Over the past week, I had the pleasure of traveling to Charleston, South Carolina, and Savannah, Georgia — two of the most beautiful towns in the country (leaving aside all those obviously better places in North Carolina).
It was great to see my two young children enjoy every second of the sand and waves at the pristine beaches. The narrow cobble-stone colonial streets lined with shops and restaurants called back to a time with more human patterns of development. And the artful interplay of natural and built beauty hit me as I rounded each corner in their historic districts.
But my Catholic faith was one element I did not expect to be directly relevant to the trip. On Sunday, to meet my weekly obligation, I looked into nearby parishes and found St. Mary of the Annunciation downtown. The bulletin casually mentioned that it was the oldest Catholic Church in Georgia and the Carolinas, begrudgingly approved by the South Carolina General Assembly in 1791.
After Mass, I (naively) suggested to my wife that we take the two children for a horse-and-carriage ride in downtown Charleston so my daughter could feel like Cinderella, one of her favorite princesses this month. On the tour, the guide said that Charleston became a boom town because it promised religious freedom. She added, “Except they did have the ABC rule: Anybody but Catholics.” My one-year-old son screamed the rest of the ride out of protest and solidarity. Thankfully, my daughter ignored all that and enjoyed the Cinderella ride anyway.
Digging a bit into this history, I found that this anti-Catholic legal environment lasted right up until the Revolution. According to historian John Gilmary Shean, in 1775, two Catholics were discovered in Charleston and “at once were condemned to be tarred and feathered and banished from the state, accused of conspiring with the Negroes against the liberties of the country. Catholics kept their faith so secret that they were not even known to one another.”
When we traveled on from Charleston to Georgia, at the top of many lists of “must-see” attractions, I was surprised to see a Catholic cathedral — the Basilica of St. John the Baptist.
It may have been the most beautiful and ornate church I’ve seen in the United States, and I’ve seen quite a few. Pictures really don’t do it justice, as every square inch of each corner has something to catch the eye. But I took a few pictures anyway.
Curious if colonial Georgia had been any friendlier to Catholics, I did a bit more research. Similarly to South Carolina, in the 1732 Georgia colonial charter, it also had a clause granting religious liberty, but with a familiar exception.
[F]orever hereafter, there shall be a liberty of conscience allowed in the worship of God, to all persons inhabiting, or which shall inhabit or be resident within our said provinces and that all such persons, except papists [those with allegiance to the pope in Rome], shall have a free exercise of their religion…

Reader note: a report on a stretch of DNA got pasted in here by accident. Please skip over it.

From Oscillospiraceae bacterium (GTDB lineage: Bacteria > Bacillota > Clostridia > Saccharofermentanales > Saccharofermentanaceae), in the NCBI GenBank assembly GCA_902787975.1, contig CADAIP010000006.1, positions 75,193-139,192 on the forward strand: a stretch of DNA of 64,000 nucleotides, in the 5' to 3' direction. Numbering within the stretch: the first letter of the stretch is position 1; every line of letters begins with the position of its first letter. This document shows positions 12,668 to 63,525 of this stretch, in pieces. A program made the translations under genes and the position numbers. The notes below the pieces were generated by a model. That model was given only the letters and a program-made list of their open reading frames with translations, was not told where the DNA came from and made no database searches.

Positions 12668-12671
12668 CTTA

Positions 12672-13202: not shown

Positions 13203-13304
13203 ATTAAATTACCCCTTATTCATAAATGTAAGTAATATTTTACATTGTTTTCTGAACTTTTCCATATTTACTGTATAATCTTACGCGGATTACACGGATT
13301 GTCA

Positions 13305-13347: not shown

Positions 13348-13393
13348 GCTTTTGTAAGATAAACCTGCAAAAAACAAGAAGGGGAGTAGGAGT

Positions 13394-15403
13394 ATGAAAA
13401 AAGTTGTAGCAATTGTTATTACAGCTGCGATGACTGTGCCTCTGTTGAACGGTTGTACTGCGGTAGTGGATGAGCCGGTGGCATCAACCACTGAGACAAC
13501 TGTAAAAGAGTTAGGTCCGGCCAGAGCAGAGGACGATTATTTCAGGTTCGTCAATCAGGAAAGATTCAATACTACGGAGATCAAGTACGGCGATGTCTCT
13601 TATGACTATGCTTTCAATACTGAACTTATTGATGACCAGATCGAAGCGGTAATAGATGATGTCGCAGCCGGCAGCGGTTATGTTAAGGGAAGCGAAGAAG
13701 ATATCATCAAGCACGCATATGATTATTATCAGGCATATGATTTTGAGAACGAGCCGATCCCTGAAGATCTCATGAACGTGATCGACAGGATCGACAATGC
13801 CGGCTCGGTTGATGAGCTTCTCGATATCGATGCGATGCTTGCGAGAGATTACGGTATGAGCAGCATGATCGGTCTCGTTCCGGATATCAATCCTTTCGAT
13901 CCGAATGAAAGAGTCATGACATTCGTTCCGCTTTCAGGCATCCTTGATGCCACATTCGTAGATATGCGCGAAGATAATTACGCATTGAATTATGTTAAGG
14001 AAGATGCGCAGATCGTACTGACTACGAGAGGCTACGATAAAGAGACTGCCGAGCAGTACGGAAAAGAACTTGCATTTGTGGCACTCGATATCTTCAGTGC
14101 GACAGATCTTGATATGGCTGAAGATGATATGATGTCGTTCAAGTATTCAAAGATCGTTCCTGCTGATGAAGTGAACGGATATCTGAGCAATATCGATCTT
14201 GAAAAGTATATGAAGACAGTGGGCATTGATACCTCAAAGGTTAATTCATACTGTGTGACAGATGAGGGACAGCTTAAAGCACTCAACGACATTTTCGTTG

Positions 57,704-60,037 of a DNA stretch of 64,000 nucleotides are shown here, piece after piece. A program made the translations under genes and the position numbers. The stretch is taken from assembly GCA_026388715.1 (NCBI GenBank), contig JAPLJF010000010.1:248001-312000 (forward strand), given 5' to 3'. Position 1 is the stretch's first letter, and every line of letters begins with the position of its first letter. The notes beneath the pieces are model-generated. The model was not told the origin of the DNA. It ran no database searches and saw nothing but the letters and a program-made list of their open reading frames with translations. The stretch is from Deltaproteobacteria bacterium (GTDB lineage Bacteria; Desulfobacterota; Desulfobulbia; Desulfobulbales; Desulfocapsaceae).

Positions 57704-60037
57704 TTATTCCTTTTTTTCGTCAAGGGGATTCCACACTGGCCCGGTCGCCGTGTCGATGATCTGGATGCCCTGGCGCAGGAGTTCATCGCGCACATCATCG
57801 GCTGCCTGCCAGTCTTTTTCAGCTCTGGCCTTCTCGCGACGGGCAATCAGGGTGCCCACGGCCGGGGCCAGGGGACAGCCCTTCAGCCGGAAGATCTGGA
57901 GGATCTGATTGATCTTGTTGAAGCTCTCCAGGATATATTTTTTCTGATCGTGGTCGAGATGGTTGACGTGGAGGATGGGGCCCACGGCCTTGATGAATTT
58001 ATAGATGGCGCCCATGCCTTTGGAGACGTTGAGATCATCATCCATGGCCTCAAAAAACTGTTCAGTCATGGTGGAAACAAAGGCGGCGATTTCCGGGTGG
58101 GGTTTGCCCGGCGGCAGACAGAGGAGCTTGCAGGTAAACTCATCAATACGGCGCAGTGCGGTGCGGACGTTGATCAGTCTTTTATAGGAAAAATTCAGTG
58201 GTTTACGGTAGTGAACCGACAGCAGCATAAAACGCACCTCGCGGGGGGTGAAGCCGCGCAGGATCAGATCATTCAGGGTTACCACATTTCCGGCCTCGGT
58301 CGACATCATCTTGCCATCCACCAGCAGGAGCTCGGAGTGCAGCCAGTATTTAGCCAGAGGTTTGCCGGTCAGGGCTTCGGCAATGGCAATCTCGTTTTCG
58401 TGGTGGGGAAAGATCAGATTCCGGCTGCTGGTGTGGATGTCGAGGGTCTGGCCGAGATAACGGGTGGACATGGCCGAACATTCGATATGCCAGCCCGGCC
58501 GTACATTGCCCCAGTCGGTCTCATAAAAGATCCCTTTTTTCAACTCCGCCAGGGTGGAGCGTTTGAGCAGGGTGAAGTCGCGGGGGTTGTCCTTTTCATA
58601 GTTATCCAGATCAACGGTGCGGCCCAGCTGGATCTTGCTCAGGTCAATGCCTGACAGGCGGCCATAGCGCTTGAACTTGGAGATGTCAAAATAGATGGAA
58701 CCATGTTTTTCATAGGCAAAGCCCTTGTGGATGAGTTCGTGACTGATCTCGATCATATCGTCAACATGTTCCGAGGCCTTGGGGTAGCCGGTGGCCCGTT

Our home state of North Carolina also did not allow Catholics to wander about freely. But this all changed after the Revolution. Even with popular sentiment remaining very anti-Catholic, these laws began to lift, as the new nation attempted to live up to the principles of liberty that were its foundation. For other Americans, like black slaves, it would of course take much longer for these principles to be applied.
In North Carolina, the rebels began to recognize Catholics even before independence was achieved. Thomas Burke, an Irish Catholic for whom Burke County is named, was selected to represent our state at the Continental Congress and then became the state’s third governor in 1781. Coincidentally, Burke lived in my hometown of Hillsborough and is buried off Governor Burke Road, where the town’s Catholic parish is located.
Another prominent early North Carolina Catholic was William Gaston, who was a member of the NC General Assembly (including as House speaker), a US House member from 1813 to 1817, a NC Supreme Court justice, and the author of the state’s official song, “The Old North State.” Lake Gaston, the City of Gastonia, Gaston County, and other landmarks around the state are named after him. While North Carolina officially tolerated Catholics post independence, they continued to be banned from holding office. The fact that this law was ignored in Gaston’s case showed his skill as a politician.
I don’t just say all this to provide some interesting history (and because my attention was diverted further south for the week). Learning all of this as a convert to Catholicism, who would have been in constant danger for allowing my worldview to take frequent turns as a young man, led to a lot of reflection. And the six-hour trip back provided plenty of opportunity for that.
While we should always seek a more perfect union, we should also take time to appreciate that there is no “except X group” clauses in our current laws regarding which worldviews can be held in North Carolina or the country at large. Unless your religion encourages its adherents to break some serious laws, it is now given fairly wide deference and conscience protections.
Religious freedom is often called America’s “first freedom,” because it’s the first mentioned in the Bill of Rights. But it’s also the first freedom in terms of importance. If we are not allowed to live according to our values and highest ideals, the rest of the rights don’t matter much.
There’s no doubt that some would still have my coreligionists tarred, feathered, and banished — like the two in Charleston — but for now, we are all fortunate to live in one of the few times and places in human history where the law allows us all freedom to believe and practice our faith.
But this is not guaranteed to last, so let’s always be vigilant to guard our first freedom.